This weekend, the second chapter in Ridley Scott’s prequel/sequel Alien franchise arrived in theaters. Alien: Covenant finds the crew of a colony ship bound for a remote planet, but their journey is disrupted when a strange signal beckons them to a planet that seems too good to be true. Scott’s alien world can seem a little complicated given the original films, Scott’s prequel plans, and the short films that were part of a viral marketing campaign. We break down some fun and fascinating facts from Alien, Aliens, and Prometheus to help you go deeper into the Alien myth.
1. Some of the facehuggers in Alien were made from shellfish, oysters, and sheep kidneys. Shredded condoms were used for the tendons of the alien’s giant jaws. The alien eggs were made from cattle hearts, stomachs, and sheep intestine. The alien slime was made from K-Y jelly. The crew created 130 alien eggs for the egg chamber inside the spacecraft.
2. Creature designer H.R. Giger’s original illustrations of the aliens had eyes, but he removed them for the film giving them a terrifying appearance.
3. It took only one take, but four cameras to film the chestbursting scene in Alien.
4. H.R. Giger’s first designs for the facehugger were detained by US Customs, because they were so scary. The final design for the facehugger was actually created by screenwriter Dan O’Bannon. Giger’s initial design for the chestburster didn’t fly with director Ridley Scott who felt it looked like a “plucked turkey” instead of the phallic, birdlike creature Giger intended — which he based on Francis Bacon’s Three Studies for Figures at the Base of a Crucifixion.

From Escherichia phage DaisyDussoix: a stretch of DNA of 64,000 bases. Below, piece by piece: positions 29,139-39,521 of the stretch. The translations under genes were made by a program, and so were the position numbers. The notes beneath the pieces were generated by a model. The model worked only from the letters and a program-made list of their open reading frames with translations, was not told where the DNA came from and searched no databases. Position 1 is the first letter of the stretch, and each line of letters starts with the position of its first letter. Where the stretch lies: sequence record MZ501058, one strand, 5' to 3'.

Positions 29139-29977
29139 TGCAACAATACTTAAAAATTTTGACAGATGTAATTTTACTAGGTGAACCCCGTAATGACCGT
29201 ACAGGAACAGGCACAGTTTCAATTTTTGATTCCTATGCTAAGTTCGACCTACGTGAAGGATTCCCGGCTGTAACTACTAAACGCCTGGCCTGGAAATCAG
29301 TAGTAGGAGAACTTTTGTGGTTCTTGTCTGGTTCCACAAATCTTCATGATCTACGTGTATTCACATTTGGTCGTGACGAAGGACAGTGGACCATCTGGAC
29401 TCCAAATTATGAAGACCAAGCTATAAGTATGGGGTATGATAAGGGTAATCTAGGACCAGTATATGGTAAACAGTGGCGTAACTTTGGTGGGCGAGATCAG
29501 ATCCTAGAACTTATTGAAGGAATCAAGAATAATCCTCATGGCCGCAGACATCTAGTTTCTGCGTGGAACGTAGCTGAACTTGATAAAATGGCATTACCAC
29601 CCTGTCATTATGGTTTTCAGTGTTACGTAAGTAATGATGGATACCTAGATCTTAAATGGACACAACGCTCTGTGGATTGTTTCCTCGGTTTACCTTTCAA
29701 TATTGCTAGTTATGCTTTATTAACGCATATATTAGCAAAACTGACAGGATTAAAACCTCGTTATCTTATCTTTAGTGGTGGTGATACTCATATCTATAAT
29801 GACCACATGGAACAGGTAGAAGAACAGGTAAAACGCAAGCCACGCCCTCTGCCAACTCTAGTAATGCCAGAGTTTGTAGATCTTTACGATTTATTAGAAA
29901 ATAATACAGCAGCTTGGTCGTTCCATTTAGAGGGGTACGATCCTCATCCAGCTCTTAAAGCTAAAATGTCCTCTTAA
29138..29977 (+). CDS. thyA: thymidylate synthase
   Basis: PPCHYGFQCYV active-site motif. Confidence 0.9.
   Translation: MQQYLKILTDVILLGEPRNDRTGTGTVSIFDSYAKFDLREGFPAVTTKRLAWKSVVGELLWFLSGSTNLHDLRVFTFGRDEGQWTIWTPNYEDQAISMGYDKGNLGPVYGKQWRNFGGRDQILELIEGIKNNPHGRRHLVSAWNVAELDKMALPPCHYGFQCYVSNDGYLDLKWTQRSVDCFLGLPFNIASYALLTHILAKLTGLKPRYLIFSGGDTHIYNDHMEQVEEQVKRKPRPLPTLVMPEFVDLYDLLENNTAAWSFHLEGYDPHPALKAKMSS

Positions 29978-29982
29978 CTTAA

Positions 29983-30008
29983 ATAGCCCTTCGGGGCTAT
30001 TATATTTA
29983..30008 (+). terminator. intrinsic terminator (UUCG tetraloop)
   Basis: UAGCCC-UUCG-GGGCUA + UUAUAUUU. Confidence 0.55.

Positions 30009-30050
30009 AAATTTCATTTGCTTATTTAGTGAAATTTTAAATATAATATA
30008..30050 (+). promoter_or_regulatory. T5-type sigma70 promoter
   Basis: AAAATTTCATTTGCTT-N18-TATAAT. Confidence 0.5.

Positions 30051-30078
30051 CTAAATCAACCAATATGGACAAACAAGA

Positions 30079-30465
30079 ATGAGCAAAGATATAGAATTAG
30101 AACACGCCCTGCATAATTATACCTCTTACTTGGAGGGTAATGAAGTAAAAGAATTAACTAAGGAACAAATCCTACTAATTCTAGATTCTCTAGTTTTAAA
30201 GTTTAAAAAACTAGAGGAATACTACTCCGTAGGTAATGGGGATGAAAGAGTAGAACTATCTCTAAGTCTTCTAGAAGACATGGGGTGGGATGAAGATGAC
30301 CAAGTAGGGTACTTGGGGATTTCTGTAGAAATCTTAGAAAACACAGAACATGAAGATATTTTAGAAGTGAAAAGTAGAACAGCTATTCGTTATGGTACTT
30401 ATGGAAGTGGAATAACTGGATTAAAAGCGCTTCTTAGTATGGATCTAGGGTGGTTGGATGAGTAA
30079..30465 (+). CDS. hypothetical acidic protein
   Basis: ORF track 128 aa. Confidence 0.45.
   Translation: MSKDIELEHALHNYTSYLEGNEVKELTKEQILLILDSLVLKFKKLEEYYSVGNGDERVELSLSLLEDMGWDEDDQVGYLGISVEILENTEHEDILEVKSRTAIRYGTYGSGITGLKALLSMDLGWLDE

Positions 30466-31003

5. Ellen Ripley was almost played by Meryl Streep instead of Sigourney Weaver. From Blastr:
Alien franchise producer Gordon Carroll says, in an interview segment that never made it into the main documentaries either on the DVD or Blu-ray editions, that “We had a casting girl working for us named Mary Goldberg—she told us that there were two women we should see in New York that she thought would be perfect [for ‘Ripley’]. One who had done some films, but had not broken through as yet, and the other was a young girl who had not made a movie as yet. The first woman was Meryl Streep. Meryl’s long-time companion had just died, and I did not feel that she should be asked to come in from the country. It had just happened the day before … we could see her another time. The other woman was, of course, Sigourney Weaver.”
Weaver nailed the part thanks to her successful screen test performance of the films’ speech in the final scene.